Sunday, November 27, 2011

A Thanksgiving Tale

It all started when I cut off the tops of the celery a few days before Thanksgiving, and without thinking, put them in the sink disposal.  It doesn’t like celery, I know this, but I was in a cooking frenzy and just did not think.  Besides, it was only tops from 2 stalks – the curly leafy parts, not the stringy stalky parts, and I figured I was ok.

The next day, dh tells me the sink is not draining right.  I sigh, and blithely say, “oh really?”  He fishes around in there and pulls out strands of celery and says, “SOMEONE must have put celery in here!”  Of course I always confess my transgressions.  “Hmmm, must have been me, Rockie can’t reach the sink.” Rockie is our 105lb yellow lab, who really could reach the sink if he wanted to.  I humbly accepted blame and went on to my sewing room.  It is never wise to be in the same room with a man who has tools or who puts his hand down the disposal.

A few minutes later he came in showing me a blue rubber “thingy” asking me if I knew what it was.  That never bodes well.  Spare parts are a sure sign he has been mucking around where he should not.  “Nope,” I reply, and he has the good sense to set it on the windowsill in the event that when things turn tragic (and of course they will) he can always go back and get the blue rubber thingy and say, “Ohhhhhh, that’s were that goes.”

Chapter 1:
It is Thanksgiving Morning and I have a defrosting turkey on the counter, stuffing in a bowl (I was careful to put the celery tops in the trash), breakfast burritos cooking on the stove, bread toasting in the oven, and cranberries going in the blender.  The mixer is beating sugar and butter for a chocolate pie and I am smashing vanilla wafers for a crust.  Dh walks in and says with a completely straight face, “are you going to need the sink today?”  I was picturing how he would look with a stick of butter protruding from each ear and a bag of frozen corn plastered to his face, when I composed myself and with an equally straight face replied, “um, yes, I need the sink today.”  I left the “I am cooking a stinkin’ thanksgiving dinner in here in case you hadn’t noticed,” unsaid.  He replied, “well, you can use the sink, but don’t run any water.”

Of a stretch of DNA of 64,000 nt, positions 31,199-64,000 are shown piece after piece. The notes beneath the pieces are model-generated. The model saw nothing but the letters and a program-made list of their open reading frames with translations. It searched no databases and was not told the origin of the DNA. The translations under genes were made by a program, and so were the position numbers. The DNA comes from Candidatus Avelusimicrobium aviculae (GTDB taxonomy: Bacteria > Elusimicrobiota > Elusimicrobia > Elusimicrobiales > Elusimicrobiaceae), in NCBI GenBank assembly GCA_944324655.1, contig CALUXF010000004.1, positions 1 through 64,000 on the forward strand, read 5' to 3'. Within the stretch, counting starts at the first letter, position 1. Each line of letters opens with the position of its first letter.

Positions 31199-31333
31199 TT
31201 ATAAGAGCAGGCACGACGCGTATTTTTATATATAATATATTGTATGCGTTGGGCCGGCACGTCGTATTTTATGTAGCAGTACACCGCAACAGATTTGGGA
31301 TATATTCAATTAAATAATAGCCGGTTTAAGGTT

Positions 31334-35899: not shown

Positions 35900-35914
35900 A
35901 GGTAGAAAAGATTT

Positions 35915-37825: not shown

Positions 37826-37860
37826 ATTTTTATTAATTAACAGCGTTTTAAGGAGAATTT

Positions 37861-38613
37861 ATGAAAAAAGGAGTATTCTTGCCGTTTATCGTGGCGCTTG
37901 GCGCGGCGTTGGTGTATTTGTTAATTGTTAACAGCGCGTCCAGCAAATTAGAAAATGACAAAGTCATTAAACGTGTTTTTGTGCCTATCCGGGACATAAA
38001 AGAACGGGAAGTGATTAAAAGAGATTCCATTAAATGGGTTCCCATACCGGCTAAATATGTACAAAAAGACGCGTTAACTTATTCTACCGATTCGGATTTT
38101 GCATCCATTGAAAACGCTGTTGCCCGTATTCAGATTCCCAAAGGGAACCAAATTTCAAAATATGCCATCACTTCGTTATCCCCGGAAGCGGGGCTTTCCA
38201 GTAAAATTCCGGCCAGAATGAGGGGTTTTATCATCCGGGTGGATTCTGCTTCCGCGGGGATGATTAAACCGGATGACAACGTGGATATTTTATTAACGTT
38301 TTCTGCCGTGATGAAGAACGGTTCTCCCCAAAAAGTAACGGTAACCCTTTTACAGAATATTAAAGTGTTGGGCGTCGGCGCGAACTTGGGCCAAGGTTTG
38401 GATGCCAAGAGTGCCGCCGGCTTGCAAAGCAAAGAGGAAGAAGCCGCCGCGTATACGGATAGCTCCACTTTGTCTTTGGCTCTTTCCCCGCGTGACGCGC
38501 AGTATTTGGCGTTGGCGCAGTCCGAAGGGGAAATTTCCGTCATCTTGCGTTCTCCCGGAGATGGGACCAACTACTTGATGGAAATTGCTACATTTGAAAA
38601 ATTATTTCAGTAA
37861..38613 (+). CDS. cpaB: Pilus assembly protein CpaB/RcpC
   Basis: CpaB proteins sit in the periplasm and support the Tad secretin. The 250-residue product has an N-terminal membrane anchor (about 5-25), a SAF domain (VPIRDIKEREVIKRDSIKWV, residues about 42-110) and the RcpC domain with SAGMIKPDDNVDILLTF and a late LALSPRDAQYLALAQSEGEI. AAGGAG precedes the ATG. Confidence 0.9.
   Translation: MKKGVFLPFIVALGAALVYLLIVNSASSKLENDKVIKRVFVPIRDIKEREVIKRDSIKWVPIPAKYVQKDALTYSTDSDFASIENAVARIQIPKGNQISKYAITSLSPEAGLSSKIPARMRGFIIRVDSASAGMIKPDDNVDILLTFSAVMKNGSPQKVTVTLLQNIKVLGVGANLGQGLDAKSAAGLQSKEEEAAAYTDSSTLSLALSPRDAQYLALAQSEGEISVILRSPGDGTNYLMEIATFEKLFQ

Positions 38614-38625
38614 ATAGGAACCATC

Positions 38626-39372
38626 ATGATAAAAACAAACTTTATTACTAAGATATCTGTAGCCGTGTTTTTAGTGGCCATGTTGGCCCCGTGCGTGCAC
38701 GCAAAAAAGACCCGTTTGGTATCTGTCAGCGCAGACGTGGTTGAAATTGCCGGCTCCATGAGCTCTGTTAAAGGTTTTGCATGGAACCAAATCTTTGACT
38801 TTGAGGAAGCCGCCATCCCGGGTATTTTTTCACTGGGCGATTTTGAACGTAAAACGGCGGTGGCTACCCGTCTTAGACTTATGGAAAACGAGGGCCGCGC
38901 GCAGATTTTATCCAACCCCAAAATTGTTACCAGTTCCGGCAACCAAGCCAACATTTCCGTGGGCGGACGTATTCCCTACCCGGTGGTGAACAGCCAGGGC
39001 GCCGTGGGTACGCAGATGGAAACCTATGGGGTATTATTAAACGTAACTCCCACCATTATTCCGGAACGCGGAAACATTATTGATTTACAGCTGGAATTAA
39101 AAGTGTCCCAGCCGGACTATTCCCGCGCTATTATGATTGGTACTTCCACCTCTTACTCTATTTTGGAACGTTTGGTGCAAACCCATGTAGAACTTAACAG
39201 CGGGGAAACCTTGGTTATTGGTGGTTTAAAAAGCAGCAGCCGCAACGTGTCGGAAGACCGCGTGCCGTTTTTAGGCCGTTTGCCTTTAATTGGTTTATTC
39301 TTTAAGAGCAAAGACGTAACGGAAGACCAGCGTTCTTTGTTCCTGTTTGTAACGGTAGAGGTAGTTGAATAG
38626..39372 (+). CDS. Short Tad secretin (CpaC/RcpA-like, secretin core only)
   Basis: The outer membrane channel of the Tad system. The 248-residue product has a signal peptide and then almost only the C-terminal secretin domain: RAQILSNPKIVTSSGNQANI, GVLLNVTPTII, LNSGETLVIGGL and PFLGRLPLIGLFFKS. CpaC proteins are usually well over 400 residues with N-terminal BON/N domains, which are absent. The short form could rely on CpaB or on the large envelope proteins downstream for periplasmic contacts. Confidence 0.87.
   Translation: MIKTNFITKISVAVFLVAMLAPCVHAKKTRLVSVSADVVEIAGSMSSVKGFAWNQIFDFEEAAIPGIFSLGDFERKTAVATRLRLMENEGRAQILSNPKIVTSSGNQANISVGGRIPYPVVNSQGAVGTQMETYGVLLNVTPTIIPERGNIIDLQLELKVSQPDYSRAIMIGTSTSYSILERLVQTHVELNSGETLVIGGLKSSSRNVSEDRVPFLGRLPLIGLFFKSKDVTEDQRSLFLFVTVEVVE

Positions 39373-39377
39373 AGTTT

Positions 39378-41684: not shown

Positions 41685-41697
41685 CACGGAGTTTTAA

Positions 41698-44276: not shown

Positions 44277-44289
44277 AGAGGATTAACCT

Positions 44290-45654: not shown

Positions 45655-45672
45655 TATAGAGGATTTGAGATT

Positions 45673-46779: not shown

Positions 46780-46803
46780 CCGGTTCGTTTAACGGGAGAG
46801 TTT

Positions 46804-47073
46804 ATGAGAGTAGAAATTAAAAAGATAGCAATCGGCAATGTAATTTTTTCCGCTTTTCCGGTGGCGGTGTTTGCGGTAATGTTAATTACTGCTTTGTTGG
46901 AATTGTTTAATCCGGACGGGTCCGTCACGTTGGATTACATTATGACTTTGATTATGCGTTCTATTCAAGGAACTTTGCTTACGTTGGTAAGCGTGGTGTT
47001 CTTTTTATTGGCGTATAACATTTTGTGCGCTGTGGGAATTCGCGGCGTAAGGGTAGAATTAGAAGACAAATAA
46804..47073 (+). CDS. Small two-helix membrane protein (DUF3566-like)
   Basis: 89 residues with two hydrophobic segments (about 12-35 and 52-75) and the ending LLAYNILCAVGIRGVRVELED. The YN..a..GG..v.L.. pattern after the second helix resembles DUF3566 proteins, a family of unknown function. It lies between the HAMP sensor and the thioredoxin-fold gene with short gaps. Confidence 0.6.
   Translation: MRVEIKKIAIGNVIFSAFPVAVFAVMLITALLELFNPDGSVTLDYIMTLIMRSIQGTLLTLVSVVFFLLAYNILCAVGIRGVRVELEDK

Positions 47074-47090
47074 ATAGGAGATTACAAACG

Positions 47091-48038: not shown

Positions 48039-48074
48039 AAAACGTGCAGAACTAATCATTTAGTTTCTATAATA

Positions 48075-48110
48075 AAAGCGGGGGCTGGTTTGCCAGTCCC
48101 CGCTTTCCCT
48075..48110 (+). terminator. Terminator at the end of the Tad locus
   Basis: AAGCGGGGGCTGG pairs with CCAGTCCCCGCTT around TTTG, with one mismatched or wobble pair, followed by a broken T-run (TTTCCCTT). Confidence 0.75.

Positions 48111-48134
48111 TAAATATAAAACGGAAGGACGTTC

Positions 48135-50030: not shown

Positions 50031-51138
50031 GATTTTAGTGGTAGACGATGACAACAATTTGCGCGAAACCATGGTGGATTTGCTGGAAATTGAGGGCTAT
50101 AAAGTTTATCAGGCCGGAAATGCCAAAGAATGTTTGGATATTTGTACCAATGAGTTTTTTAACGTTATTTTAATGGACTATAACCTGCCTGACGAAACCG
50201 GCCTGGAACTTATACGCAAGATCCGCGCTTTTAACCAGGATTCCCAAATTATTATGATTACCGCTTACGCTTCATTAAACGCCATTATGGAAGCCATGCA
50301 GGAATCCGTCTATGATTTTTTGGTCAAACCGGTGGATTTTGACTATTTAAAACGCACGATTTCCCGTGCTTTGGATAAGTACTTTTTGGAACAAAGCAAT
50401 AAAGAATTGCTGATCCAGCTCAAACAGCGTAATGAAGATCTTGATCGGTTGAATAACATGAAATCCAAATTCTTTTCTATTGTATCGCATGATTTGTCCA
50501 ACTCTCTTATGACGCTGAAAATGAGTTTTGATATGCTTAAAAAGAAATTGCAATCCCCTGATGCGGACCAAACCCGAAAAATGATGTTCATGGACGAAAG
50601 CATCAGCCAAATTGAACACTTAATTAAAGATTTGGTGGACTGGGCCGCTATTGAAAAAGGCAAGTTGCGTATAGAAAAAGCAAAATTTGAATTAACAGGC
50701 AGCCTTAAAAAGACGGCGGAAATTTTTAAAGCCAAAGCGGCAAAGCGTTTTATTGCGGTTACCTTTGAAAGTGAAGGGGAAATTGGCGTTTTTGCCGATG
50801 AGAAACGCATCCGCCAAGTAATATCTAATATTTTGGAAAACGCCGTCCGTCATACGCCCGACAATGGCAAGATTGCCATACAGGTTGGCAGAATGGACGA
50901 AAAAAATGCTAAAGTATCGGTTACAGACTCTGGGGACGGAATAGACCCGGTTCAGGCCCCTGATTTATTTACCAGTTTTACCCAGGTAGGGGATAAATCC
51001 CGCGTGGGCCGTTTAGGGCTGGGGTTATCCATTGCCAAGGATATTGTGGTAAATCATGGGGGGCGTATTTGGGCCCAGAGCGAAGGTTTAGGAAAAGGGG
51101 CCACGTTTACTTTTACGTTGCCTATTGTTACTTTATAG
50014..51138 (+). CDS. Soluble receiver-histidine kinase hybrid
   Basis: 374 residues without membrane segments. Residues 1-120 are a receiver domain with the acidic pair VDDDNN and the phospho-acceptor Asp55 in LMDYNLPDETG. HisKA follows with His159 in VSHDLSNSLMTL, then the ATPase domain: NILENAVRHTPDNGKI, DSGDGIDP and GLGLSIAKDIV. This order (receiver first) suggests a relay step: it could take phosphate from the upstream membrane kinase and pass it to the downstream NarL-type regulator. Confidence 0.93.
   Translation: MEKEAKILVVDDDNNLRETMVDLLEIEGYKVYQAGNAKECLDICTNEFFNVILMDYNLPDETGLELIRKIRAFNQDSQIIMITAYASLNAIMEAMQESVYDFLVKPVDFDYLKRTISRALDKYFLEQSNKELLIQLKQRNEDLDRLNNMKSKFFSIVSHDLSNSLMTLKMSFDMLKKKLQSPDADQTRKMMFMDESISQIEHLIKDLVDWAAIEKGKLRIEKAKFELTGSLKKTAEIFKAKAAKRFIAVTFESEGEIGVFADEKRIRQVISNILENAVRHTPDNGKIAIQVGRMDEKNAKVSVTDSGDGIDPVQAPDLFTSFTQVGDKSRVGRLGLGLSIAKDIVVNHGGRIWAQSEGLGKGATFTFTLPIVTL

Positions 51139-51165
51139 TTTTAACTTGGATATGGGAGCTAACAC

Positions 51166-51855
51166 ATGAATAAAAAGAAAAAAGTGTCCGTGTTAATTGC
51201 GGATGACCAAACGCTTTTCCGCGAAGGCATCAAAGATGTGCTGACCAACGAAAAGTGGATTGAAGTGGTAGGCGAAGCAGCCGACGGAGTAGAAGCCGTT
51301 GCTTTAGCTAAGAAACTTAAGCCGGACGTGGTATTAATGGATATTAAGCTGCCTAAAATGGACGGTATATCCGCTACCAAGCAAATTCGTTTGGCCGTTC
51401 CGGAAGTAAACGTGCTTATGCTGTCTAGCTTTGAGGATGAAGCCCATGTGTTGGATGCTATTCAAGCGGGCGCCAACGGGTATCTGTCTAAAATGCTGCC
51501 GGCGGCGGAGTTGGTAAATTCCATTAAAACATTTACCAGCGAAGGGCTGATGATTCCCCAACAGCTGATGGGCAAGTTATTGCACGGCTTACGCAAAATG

OK, I am thinking, that’s no problem, as I am mentally dumping cranberry sauce down his shorts.  Thankfully my son comes in at just this moment with a jar of super Drano and a drain auger.  Ahhh, a man with tools.  Eric’s girlfriend, Jess and I vacate the kitchen, with a bottle of Moscato, to sit on the porch while the reaming of my kitchen sink progresses.  Now you already know that this will not turn out well, don’t you?  So Jess and I sit on the back porch – it was a beautiful sunny warm day – drinking wine as we chit chat, when all of a sudden I hear the drain auger engage.  I am thinking Jean Luke Picard is in my kitchen, standing behind man and boy saying with a pointing finger. . . .”engage.”

This is a good noise I tell myself, until I look up, with a perfect view of the window over the sink, and see the end of the drain auger descending from the roof!  How the hell. . . . heck. . . I say to myself!?!?  I shout into the kitchen, “the end of that thingy is descending from the roof.  Is it supposed to do that?”  I know, women should never have to ask stupid questions like that because we already KNOW it’s not supposed to do that, but you often have to humor men.  Because I simply couldn’t stop the words as they came out of my mouth I uttered, “I don’t think the clog is in the vent pipe.”  I know, pure selfish indulgence.

So up goes the end of the auger thingy, back down the vent pipe and up into the sink drain.  When we see the auger dangling once again from the eaves, we can't suppress our mirth, and by this time Jess and I are laughing so hard that we are crossing our legs.  That only serves to cement the intentions of the men to make a bigger mess than they first planned.  Alas, I am pretty sure it was worth it.  Soon the auger comes out onto the back porch where we are sitting, no, not through the drain this time.  We are told it must air dry.  And of course everyone knows there is no air in the garage!!!